Love for tree is inherent in man. To see a sapling planted in one's hand to grow to maturity and, in case of a fruit tree, bearing fruit is to witness an experience similar to the growth of babies to children to adulthood. The indigenous people everywhere from the Santals in the sub-continent to the Red Indians in the United States of America have known the value of trees. It is not for nothing that they worship trees and have tree festivals to celebrate regeneration in line with the triumph of life.
In villages, tree lines, contrary to high-rises in cities, give the identity of a village. The clusters of greenery looks like a painting from a distance and the heart of a villager returning home after a hard day's labour or journey leaps in joy to see the particular tree marking his or her abode there. Almost every village has one or a few tall trees that form the skyline there and those come to the eyes from afar. Here is an assurance for a tired soul and feet that one must have to trudge along up to that point to be in the security of a house or hut. Thus a tree stands sentinel to a man's psychological uncertainty and tiredness. It provides the assurance that there is a place under the sky where a friend is waiting for his return every time he leaves the village.
How painful the felling of such a vanguard tree can be to a child of sensitivity cannot be fathomed by the grown-ups who only view a tree as a commercial object. When it concerns thousands of 150-year old trees which have witnessed the birth pang of this nation, there is a need to be particularly cautious about treating with those mute spectators. Or, who knows the trees have languages insensitive man fails to read! Thank God, the trees on Jessore Road are going to be spared, at last. The proposed road expansion will be done without harming the trees. All who campaigned for saving the trees deserve special thanks for their effort. Also the authorities who came to see the merit of saving the trees deserve to be eulogised for not sticking to their original decision of felling the trees.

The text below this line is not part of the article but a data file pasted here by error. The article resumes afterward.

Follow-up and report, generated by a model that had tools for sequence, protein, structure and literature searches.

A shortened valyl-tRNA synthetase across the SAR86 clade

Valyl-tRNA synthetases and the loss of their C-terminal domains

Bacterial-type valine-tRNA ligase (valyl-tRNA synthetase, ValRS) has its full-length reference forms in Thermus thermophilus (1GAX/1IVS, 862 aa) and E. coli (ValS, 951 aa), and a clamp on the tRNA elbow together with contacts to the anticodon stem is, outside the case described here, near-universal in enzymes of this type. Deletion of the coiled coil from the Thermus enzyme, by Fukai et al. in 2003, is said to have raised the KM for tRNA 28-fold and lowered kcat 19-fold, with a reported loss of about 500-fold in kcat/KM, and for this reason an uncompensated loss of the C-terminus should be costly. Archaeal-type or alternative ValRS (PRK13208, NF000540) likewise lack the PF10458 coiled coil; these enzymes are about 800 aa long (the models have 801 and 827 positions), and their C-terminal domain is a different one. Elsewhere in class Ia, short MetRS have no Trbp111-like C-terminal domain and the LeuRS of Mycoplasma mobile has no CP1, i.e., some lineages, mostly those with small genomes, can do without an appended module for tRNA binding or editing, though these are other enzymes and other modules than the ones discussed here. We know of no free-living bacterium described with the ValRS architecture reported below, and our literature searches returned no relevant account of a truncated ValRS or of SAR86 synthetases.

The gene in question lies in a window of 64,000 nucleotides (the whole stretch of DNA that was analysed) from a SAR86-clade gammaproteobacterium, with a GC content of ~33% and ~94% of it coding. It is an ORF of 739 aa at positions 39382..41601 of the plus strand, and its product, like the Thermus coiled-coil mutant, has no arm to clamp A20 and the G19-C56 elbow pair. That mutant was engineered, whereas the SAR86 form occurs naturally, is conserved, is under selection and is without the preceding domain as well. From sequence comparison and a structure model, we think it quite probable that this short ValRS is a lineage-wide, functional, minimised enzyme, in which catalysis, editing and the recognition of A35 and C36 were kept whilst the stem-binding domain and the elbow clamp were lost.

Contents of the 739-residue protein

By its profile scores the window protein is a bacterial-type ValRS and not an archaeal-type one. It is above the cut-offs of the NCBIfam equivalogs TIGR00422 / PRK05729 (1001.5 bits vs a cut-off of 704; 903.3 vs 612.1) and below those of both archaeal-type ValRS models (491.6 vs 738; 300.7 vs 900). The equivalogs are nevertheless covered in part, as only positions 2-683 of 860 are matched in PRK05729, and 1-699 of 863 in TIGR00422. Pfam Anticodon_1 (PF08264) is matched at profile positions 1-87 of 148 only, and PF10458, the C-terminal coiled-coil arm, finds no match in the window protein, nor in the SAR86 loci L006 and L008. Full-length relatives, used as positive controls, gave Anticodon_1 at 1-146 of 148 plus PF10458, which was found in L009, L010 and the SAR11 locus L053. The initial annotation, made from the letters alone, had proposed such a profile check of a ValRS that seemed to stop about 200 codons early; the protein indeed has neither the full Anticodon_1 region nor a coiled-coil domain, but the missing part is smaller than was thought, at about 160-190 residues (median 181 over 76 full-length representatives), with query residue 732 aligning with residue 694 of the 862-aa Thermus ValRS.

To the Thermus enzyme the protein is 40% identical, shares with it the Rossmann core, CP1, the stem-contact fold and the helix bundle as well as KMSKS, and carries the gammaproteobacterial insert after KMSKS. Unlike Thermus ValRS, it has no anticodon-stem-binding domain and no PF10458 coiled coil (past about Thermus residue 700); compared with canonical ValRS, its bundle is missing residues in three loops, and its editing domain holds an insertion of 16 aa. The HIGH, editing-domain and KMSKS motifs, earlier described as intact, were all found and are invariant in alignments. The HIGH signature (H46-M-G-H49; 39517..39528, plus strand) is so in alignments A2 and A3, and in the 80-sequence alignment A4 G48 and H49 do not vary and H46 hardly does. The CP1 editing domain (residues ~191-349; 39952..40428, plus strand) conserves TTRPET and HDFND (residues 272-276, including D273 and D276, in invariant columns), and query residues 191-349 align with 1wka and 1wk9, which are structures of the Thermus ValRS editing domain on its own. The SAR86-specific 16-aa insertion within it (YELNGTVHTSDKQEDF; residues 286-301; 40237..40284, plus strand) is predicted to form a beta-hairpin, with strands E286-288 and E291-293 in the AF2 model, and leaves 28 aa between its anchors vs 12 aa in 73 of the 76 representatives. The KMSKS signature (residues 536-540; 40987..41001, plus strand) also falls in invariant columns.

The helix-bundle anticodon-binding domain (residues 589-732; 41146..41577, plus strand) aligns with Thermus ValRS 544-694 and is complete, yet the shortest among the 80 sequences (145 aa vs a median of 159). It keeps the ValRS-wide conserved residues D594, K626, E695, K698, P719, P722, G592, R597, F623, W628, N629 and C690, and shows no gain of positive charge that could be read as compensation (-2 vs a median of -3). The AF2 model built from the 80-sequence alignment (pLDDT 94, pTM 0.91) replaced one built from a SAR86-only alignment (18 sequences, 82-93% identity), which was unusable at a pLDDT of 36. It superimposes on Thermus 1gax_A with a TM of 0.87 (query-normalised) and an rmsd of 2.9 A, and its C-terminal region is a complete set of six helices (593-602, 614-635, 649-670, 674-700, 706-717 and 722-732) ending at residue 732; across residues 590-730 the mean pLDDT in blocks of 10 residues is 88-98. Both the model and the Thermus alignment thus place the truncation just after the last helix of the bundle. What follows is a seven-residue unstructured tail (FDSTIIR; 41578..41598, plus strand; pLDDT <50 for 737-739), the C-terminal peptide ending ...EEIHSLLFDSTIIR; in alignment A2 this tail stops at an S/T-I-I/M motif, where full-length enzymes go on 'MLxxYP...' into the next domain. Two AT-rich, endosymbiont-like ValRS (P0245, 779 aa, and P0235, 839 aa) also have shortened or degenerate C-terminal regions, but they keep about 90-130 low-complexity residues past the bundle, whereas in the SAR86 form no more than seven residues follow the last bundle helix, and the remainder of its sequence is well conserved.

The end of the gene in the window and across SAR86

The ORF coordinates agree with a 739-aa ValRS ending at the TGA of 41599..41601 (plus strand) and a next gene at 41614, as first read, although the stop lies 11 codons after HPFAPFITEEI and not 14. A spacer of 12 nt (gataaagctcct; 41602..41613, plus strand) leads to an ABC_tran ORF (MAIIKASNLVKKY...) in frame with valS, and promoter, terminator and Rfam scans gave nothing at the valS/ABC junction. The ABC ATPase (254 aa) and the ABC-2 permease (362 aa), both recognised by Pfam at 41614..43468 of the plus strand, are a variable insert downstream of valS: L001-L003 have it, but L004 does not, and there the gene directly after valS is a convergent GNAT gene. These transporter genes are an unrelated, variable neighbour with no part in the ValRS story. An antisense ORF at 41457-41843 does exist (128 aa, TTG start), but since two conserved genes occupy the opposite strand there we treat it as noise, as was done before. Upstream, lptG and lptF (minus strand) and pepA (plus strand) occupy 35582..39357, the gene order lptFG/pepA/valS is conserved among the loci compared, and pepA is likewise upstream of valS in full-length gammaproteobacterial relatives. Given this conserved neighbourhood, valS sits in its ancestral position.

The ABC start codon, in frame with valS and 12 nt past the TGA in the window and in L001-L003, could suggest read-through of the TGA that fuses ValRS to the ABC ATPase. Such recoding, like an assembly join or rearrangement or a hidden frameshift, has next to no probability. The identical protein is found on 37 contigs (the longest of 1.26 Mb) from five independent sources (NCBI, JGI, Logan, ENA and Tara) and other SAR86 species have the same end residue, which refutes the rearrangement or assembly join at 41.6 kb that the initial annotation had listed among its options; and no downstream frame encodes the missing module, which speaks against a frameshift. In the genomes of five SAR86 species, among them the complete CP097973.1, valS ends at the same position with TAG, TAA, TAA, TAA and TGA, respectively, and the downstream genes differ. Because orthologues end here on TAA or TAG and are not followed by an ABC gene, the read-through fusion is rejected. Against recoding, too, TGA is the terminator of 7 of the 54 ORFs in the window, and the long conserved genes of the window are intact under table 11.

In this connection let it be remembered that Jessore Road has carved a niche in people's minds not only in Bangladesh and India but also far beyond, courtesy of American poet Allen Ginsberg. It was Ginsberg's famous poem September on Jessore Road composed on the plight of the Bangladesh refugees streaming endlessly in to India in 1971 that has not only expressed the deepest love for the wretched humanity but also immortalised the road built by a zaminder named Kaliprasanna Roy. Ginsberg's friend Bob Dylan gave a musical form to the poem and sang at the Concert for Bangladesh. Thus the world became aware of the genocide committed by the Pakistani army in East Pakistan of that time. Evidently, the Jessore Road is part of the country's history of the Liberation War. Many treasure the memory of their journey on the road and their life under the open sky on that road during those tumultuous days. When dealing with such a sacred history, one has to be humble and submissive.
It is heartening that the road will get expanded but without harming the trees. This will act as an example for others to emulate everywhere when trees stand to be the likely casualties on account of development. But sadly, not everywhere the sensitivity is as sharp as it was in case of Jessore Road. Hundreds of trees have been felled on the segment of the Dhaka-Mymensingh Road from airport bus stand up to Jasimuddin turn. This was, it is claimed, necessitated for the project of Bus Rapid Transit (BRT). Was there no alternative to this?
Similarly, hundreds of trees have been felled on both sides of the road in between Dhirashram level crossing and Tongi. There are people who feel a sadistic pleasure to fell trees because here is an opportunity for lining their pockets. Dhaka city has mostly become barren in this process. Its inhabitants are paying heavily for this mindless mayhem. The city is hotter than its suburbs and areas beyond. Even pockets in the city boasting modest tree covers are cooler and anyone can feel the difference. Destroying trees needlessly is no less a crime than annihilating your friends.
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